Education differences in trust and attitude ratings

Education level was not associated with trust in health practitioners or systems, with one exception. There was a significant linear trend for trust in GPs, whereby those with secondary school education reported higher trust than did those with advanced diplomas or university degrees (P < 0.05, η2 = 0.02) (Box 1). Similarly, groups based on education level did not differ in attitudes towards the current health system or pro-public attitudes; however, stronger pro-private attitudes were reported by those with secondary qualifications than the advanced diploma group and the university-educated (P < 0.05, η2 = 0.03) (Box 1).

Private health cover differences in trust and attitude ratings

Comparisons of those with no private health insurance, hospital-only, extras-only and full cover (hospital and extras) showed that level of health cover was not associated with trust in GPs, alternative practitioners, public hospitals or Medicare. Differences were found for trust in specialists (η2 = 0.04) and private hospitals (η2 = 0.07) (Box 1). Those with hospital-only cover reported greater trust in specialists than did those with no private insurance. Those with hospital-only or full cover were more likely than those with no private insurance to trust private hospitals. Trust in private health insurers was highest among those with full cover and hospital-only cover, followed by those with extras-only and no cover. No health cover effects were found for pro-public attitudes or support for the current system; however, significant differences were evident for pro-private attitudes (η2 = 0.02). Those with full private cover had stronger pro-private attitudes than those with no private cover (Box 1).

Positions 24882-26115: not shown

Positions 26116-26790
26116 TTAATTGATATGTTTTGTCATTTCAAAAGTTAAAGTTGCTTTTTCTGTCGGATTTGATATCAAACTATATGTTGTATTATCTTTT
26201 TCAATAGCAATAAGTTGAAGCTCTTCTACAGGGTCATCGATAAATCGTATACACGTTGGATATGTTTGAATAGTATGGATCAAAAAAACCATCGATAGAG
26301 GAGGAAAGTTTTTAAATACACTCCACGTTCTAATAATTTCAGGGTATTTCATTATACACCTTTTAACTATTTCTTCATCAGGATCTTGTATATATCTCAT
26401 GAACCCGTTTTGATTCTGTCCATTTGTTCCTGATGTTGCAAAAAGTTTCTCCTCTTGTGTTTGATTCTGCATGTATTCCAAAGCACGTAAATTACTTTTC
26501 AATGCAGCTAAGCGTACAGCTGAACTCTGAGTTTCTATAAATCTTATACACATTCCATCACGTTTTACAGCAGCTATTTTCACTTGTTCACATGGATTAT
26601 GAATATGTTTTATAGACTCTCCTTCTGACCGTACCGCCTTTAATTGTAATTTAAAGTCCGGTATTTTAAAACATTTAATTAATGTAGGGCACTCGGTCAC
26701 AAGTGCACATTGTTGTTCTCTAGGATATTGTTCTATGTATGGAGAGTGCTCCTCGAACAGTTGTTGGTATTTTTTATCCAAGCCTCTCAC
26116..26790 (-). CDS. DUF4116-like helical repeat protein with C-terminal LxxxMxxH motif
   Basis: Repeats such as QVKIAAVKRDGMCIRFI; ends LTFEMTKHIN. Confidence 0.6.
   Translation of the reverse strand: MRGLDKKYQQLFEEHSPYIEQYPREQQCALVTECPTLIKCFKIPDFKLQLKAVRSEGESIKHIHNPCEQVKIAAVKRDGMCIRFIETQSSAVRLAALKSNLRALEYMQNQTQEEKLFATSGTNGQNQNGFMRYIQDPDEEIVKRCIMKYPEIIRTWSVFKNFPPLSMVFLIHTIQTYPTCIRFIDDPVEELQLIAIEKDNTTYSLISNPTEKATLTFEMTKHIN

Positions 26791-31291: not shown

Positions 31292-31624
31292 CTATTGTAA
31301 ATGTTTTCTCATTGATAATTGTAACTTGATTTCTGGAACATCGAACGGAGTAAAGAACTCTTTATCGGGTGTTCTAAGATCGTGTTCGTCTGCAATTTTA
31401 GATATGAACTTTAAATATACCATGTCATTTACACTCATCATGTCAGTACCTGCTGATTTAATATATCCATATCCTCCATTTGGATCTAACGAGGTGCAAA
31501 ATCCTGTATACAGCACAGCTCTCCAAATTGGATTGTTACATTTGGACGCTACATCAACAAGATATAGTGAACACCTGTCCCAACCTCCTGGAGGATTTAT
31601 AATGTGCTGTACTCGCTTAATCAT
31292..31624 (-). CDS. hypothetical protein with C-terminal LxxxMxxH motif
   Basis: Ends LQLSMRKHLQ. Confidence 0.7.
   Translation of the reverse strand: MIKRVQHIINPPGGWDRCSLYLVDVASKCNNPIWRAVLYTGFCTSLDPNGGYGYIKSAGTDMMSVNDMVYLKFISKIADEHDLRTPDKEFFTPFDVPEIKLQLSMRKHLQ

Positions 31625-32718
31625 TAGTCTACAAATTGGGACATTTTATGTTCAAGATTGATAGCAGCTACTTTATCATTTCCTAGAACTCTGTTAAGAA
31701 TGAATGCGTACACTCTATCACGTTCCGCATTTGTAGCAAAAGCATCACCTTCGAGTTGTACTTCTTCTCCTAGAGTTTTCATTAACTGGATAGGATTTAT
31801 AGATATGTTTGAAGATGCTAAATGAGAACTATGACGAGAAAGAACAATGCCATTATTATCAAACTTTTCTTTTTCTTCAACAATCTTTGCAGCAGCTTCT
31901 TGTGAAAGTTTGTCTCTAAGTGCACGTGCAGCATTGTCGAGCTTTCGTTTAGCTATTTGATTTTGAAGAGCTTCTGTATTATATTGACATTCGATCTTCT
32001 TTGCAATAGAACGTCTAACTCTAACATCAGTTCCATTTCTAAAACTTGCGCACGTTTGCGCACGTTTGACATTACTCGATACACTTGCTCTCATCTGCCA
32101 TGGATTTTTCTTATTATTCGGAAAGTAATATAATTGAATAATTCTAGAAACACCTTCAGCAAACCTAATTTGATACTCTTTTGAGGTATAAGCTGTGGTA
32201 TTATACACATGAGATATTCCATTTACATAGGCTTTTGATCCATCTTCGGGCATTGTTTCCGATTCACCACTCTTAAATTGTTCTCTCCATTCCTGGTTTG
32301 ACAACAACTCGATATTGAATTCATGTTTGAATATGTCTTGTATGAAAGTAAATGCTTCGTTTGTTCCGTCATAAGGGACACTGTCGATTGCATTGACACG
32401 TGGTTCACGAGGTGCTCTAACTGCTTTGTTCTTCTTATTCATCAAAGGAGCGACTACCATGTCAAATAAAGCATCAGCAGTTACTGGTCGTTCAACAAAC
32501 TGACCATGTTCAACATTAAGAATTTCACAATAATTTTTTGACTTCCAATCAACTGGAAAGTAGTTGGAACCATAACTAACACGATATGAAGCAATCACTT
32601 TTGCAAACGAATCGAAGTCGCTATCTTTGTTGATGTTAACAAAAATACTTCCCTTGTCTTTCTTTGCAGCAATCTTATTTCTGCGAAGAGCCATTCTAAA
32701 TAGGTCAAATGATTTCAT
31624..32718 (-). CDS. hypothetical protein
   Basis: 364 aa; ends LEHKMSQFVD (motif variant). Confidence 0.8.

This sample of Australians reported fairly high levels of trust in their health care providers, hospitals and systems, confirming that there is a good deal of public confidence in Australian health care.

Few studies have assessed public trust in health care providers and systems. Two notable exceptions are the 2007 SNTSM7 Australian survey and recent European research comparing medical trust in the UK, the Netherlands and Germany.12 That research found that UK respondents had greater trust in family doctors and specialists than did Dutch or German respondents, but all reported strong trust in doctors, followed by moderately strong trust in hospitals. Our results mirrored the European12 findings and were consistent with the earlier SNTSM7 findings.

In our study, respondents’ GPs were deemed more trustworthy than specialists or hospitals, but all medical practitioners and hospitals were trusted more than alternative practitioners. The sample as a whole had fairly low trust in these non-traditional practitioners, but they were trusted more by women than men. Others have shown that those who use alternative medicine are more likely to be women,13-15 people who suffer from chronic physical and psychological conditions,14,16 and those with a positive approach to preventive health care.13,14